2012 Kentucky Wildcats 38-2 (16-0, SEC) 14-1 No Yes
2011 Connecticut Huskies 32-9 (9-9, Big East) 12-3 Yes No
2010 Duke Blue Devils 35-5 (13-3, ACC) 14-1 Yes Yes (co-Champs)
2009 North Carolina Tar Heels 34-4 (13-3, ACC) 13-2 No Yes
2008 Kansas Jayhawks 37-3 (13-3, Big 12) 14-1 Yes Yes (co-Champs)
2007 Florida Gators 35-5 (13-3, SEC) 12-3 Yes Yes
2006 Florida Gators 33-6 (10-6, SEC) 12-3 Yes No
2005 North Carolina Tar Heels 33-4 (14-2, ACC) 14-1 No No
2004 Connecticut Huskies 33-6 (12-4, Big East) 14-1 Yes No

So what does this tell us about how to win a national championship in basketball?  A few things.

For starters, winning either the regular season or conference tournament crown is all but a must.  With the exception of 2005 North Carolina, every team in the last 10 years has had a conference championship to their name heading into the NCAA Tournament.  Four teams won (or at least shared) both titles.

For the Buckeyes and the Big Ten, the regular season championship will likely belong to a Michigan school.  At 9-6, the Buckeyes can only share the regular season crown, and this can only happen if Ohio State wins out and Michigan (12-3), Michigan State (11-4) and Wisconsin (10-5) all lose-out.  Not likely to happen.  This leaves a tough run through the Big Ten Tournament to satisfy needed criteria of winning either form of conference championship.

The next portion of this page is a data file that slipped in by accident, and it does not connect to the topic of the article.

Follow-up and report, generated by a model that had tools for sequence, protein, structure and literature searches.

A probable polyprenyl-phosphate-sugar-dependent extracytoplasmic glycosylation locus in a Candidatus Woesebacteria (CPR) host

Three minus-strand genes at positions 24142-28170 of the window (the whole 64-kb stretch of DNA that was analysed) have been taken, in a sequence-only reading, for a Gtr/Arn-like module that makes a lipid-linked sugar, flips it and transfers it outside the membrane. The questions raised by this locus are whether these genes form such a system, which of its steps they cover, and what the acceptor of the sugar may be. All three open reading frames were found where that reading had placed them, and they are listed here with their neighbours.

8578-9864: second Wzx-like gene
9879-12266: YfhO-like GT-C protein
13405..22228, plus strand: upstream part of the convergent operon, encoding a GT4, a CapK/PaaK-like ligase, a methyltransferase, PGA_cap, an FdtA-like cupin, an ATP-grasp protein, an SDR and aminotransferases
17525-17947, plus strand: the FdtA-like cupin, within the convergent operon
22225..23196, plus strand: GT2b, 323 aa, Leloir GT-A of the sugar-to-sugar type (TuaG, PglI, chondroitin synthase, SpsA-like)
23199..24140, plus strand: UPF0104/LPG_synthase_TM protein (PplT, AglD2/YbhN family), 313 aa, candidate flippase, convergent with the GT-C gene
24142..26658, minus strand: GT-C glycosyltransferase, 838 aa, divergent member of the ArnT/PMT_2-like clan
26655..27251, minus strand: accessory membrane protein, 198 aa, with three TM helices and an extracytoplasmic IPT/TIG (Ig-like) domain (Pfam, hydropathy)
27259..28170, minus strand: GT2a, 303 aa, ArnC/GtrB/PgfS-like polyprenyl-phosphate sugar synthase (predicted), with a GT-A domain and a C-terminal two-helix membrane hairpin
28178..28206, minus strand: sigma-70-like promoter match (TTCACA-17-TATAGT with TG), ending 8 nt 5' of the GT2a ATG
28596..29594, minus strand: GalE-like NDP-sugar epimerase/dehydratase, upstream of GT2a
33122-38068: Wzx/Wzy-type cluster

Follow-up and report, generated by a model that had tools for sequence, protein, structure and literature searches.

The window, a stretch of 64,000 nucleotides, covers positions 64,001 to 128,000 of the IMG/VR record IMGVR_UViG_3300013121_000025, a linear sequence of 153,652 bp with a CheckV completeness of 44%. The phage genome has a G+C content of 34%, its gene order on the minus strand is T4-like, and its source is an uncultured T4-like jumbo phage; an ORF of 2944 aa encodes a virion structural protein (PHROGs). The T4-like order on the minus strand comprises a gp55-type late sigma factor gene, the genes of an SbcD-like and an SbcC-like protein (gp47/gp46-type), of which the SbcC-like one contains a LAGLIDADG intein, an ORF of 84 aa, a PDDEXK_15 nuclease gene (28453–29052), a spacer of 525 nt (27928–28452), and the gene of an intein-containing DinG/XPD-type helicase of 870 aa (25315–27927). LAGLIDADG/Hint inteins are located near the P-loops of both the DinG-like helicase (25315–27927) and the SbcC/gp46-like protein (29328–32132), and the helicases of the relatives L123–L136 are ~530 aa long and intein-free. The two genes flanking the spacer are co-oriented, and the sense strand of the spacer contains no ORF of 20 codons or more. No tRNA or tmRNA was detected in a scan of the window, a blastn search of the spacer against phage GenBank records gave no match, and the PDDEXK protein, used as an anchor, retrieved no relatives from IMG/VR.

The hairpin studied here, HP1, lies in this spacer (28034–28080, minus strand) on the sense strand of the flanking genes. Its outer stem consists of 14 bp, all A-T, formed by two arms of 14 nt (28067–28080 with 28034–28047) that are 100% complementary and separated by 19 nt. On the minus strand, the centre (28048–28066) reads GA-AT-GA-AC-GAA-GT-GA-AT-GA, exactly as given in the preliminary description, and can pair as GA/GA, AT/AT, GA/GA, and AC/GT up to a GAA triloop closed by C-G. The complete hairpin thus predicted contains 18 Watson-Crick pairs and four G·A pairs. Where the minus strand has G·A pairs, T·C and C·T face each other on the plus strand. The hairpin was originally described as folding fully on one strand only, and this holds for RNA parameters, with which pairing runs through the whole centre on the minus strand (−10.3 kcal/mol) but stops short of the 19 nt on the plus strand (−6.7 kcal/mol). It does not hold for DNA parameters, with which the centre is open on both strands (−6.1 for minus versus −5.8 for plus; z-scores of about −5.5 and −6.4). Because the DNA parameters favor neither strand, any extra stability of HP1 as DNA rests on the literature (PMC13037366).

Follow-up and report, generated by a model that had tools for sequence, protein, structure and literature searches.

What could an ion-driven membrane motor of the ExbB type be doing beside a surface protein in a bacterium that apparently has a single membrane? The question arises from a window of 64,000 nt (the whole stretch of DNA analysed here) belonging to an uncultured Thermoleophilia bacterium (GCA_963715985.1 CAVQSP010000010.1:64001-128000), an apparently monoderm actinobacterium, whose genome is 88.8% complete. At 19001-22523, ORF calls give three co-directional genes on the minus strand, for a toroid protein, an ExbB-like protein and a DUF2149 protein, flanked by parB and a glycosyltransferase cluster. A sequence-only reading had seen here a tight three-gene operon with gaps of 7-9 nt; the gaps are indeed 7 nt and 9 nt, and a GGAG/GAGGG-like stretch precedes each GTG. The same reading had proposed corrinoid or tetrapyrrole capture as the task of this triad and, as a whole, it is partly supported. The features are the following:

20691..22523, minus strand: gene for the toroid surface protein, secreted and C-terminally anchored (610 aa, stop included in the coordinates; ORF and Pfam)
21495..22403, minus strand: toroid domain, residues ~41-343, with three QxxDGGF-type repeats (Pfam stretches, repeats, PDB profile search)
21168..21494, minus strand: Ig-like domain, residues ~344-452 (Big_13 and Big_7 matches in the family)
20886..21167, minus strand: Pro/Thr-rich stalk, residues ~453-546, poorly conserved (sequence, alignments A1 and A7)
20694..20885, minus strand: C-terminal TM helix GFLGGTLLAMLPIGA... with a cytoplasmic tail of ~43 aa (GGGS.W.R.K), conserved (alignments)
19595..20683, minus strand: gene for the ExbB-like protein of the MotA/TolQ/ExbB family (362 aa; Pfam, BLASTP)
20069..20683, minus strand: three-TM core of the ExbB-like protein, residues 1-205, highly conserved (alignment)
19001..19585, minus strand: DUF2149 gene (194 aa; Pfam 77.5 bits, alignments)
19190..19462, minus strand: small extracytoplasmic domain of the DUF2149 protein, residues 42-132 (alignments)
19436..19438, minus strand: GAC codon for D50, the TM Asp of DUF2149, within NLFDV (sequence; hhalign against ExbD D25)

To win those championships, and, ultimately, to win the championship requires not only being good, but also being hot.  To run through the yearly bracket challenge, a team must win six games in a row.  But, looking at the last 10 champions, none of those teams really started their superb play there.  In fact, no team that went on to win a national championship lost more than three games of their last 15, and six of the last 10 champions won at least 14 of their last 15 games en route to the title.